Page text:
In the year following one of the worst natural disasters to hit Puerto Rico, an estimated 200,000 people have left the island. It’s also estimated that the category 4 storm caused $100 billion in damage. The exodus of Puerto Ricans post-Hurricane Maria is chronicled in a newly-released CBS News short documentary by correspondent David Begnaud.
“Puerto Rico: The exodus after Hurricane Maria” follows local resident Damarys Perales and her 10-year-old daughter, Alahia, as they prepare to leave the island, as well as a family that has chosen to stay but went 10 months without power. Begnaud, who was in Puerto Rico when the storm made landfall and has been covering the recovery all year, also interviews Puerto Rico’s governor Ricardo Roselló, and visits the island’s forensic department.
“I’ve been reporting on the devastation caused by Maria for the past year, my team and I have returned repeatedly, and while there are some glimmers of hope and progress amid the shuttered businesses and abandoned homes, government agencies at every level are still struggling,” said Begnaud during the documentary.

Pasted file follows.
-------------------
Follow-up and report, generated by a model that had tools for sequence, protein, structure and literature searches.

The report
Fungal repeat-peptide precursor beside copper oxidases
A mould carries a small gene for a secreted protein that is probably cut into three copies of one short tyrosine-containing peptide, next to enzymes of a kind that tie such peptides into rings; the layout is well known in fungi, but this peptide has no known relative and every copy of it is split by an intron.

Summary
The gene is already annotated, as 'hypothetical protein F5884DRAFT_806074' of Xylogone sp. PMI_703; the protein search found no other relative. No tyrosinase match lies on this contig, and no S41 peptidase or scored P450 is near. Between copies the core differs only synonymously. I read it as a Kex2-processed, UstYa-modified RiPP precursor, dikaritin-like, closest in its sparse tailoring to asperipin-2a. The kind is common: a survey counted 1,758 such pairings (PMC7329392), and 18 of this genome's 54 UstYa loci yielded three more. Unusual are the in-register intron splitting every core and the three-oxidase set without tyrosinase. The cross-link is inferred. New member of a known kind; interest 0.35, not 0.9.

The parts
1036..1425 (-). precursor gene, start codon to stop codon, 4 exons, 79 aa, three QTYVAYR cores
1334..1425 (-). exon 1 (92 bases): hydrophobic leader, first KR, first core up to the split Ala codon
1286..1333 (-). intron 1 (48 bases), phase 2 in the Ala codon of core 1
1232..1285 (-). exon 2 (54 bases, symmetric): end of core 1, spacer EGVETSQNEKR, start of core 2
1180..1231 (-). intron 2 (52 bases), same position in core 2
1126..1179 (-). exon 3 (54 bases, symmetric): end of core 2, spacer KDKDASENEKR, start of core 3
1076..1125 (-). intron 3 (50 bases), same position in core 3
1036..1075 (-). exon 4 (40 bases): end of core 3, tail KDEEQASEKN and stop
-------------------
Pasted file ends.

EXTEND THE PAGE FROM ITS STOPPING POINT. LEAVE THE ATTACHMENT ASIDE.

In August, the death toll, which was reported by the government as 64 for several months, climbed to an estimated 2,975, which has not come as a surprise given the lack of resources and slow response. During the documentary, Begnaud speaks with Monica Melendez, Interim Director at the Institute of Forensic Sciences in Puerto Rico, about the backlog of bodies existing at the morgue.
“After the hurricane, we’re receiving about 25 cases more than we’re normally used to per week,” Melendez says, which comes to 100 additional cases per month since Maria hit. Melendez also shares that she continues losing staff to the mainland, making the job even more challenging.
The powerful short doc provides answers, but raises a few new questions. What will happen to those who’ve emigrated to the mainland? How will the migration further impact Puerto Rico’s economy? And, ultimately, will it be statehood, commonwealth or independence for the island?
Watch the full documentary, below.